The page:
Jeffrey: That’s right, yeah. I think the word means form or something like that. So if you’re going to do this form and repeat it and that’s what I really like about it is that. And this one say is even if you’re not using Toyota Kata as a common element in your company, you can look at the form of the kata, the pieces of it, and realize that you should have sort of the equivalent of these four things. So let’s maybe get through the the four elements of the kata. How does that sound?
What’s your North Star?
Jeffrey: So the first element of the kata is your vision, you know, do you understand what the direction is? Now in some cases, this is your North star. This is like your ultimate goal that you’re trying to achieve, even if you’ll never make it. And the example from the book they use is like Toyota has the idea of, in manufacturing, that they’re going to have one-piece flow. You don’t need to know what one-piece flow is. You just know that that’s their ultimate ideal for how manufacturing would ultimately work.
Squirrel: And it’s quite pie in the sky. It’s the idea that everything would be perfect and they’re never expecting to absolutely 100% achieve this nirvana.
Jeffrey: That’s right, but they can say, well, if this gets us closer to one-piece flow, then we’re moving in the right direction and different companies will have different North stars. I remember Alcoa several years ago had quite a transformation, but one of their, well, their North Star they put forward was a perfect track record of safety, which in aluminum smelting is not a normal thing. But they could say what our operations, what we want is to make it safer over time.
Jeffrey: Now, a lot of times, though, more practically, you’ll have a goal that’s somewhere like a year or 3 or 5 years away. So it’s kind of your major effort. The exact time frame probably depends on the maturity of your company. If you’re a relatively new startup, you’re probably thinking in terms of max a year. If you’ve been around a bit longer, you’re probably thinking more in terms of 3 to 5 years.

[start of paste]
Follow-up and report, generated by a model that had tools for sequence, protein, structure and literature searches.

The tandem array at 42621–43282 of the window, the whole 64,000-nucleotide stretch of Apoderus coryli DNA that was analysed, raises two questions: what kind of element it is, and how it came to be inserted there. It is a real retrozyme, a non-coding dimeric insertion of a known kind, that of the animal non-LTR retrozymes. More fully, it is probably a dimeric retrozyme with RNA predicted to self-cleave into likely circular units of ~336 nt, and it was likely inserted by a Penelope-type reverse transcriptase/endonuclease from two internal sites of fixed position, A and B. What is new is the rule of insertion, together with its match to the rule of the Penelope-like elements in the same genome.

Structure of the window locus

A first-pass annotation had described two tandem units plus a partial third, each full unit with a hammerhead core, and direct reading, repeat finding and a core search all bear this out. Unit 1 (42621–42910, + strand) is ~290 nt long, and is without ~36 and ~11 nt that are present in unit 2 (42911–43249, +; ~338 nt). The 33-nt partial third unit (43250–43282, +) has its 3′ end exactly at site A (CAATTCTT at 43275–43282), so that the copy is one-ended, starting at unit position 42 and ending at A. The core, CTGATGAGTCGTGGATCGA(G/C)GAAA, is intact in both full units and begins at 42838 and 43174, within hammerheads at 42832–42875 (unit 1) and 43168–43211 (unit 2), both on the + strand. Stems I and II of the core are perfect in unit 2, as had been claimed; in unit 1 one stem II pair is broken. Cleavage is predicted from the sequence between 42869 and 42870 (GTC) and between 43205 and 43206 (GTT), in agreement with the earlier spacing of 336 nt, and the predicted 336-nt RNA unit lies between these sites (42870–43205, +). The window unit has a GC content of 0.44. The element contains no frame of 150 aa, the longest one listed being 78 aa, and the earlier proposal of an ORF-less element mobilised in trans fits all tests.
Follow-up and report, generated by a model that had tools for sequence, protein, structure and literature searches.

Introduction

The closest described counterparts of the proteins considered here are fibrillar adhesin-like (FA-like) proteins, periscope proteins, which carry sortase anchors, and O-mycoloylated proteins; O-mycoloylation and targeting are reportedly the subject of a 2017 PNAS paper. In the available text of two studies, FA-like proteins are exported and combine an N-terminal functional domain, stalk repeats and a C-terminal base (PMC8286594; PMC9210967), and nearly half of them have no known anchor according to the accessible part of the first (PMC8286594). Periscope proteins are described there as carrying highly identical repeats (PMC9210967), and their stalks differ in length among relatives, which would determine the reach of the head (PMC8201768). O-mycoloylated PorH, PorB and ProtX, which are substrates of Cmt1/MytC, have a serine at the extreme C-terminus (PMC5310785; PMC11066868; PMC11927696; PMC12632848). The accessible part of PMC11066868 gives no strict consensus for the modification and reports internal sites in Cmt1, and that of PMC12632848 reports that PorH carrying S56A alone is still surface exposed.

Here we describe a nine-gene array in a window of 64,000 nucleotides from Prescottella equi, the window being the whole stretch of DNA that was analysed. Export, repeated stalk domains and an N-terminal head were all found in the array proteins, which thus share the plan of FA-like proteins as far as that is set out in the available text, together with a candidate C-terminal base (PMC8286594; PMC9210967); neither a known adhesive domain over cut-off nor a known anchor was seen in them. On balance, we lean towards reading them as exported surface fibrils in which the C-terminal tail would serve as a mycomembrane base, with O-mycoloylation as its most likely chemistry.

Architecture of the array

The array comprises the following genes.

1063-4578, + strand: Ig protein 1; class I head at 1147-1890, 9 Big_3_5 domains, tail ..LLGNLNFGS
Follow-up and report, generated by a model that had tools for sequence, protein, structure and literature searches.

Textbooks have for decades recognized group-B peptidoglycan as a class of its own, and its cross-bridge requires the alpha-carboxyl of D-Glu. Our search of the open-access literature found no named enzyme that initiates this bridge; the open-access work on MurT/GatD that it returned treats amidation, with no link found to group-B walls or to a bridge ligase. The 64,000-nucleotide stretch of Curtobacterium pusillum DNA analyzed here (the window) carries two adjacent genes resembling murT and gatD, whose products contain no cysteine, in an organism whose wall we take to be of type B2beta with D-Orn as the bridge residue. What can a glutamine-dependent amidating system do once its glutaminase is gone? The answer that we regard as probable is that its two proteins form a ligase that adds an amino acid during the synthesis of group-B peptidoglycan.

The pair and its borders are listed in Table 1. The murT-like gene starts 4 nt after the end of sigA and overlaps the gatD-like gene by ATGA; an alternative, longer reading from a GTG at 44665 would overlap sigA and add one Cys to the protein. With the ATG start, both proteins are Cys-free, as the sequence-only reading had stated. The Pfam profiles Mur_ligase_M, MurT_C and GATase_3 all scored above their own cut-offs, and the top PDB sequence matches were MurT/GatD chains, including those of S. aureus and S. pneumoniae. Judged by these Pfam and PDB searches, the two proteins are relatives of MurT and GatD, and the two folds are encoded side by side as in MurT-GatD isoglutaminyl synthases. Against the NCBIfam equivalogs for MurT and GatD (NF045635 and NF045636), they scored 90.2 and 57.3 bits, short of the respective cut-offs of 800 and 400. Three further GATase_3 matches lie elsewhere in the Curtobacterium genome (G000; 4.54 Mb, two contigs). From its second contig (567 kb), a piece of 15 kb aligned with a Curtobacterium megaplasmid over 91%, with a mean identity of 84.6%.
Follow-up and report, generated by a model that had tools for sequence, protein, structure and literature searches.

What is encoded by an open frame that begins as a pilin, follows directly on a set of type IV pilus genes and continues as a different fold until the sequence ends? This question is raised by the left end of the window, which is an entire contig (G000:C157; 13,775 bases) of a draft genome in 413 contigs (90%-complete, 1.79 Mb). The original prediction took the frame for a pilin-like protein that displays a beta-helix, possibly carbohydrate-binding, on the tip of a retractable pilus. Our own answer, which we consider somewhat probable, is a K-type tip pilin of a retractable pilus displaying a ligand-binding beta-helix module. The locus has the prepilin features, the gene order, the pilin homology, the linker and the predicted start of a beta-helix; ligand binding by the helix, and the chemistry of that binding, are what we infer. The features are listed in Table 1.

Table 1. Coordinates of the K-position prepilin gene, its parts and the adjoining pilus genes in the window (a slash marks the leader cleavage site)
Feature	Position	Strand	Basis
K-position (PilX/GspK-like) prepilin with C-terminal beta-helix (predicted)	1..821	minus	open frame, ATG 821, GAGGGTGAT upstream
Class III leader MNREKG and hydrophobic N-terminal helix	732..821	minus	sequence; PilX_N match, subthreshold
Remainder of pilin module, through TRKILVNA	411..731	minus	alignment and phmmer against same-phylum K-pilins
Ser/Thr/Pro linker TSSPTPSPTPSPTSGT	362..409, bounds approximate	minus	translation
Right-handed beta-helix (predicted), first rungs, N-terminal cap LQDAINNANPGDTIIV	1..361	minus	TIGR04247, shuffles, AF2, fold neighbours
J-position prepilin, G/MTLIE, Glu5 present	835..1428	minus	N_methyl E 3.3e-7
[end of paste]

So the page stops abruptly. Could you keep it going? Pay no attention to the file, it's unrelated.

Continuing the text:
Jeffrey: So that’s the first question. Do we understand, do we have a common understanding in the team of what the vision is? What’s kind of the purpose of all this. And if we have that, then we can kind of move on to the next step.
What’s our current condition?
Jeffrey: The next step I find is interesting, which is about understanding our current condition. Do we understand where we are today versus where we want to be? And this is actually really interesting. I don’t know if with your clients and the teams, do you find that this is something where people have a common view of their current condition? Because I often find that they don’t and are unaware that they don’t have a common view, that the view of the different functions: marketing, sales, product, engineering, are a bit different. Even maybe even within an engineering team, for example, that they have different views of their current condition.
Squirrel: Oh, absolutely. And that’s the danger is that everyone thinks they have a common view. And the engineers think that the biggest problem is that there’s old software that needs replacing. And the marketing people think the worst problem is that there’s nothing exciting to blog about. And the customer service people say they’re both wrong, and why can’t we fix all the bugs?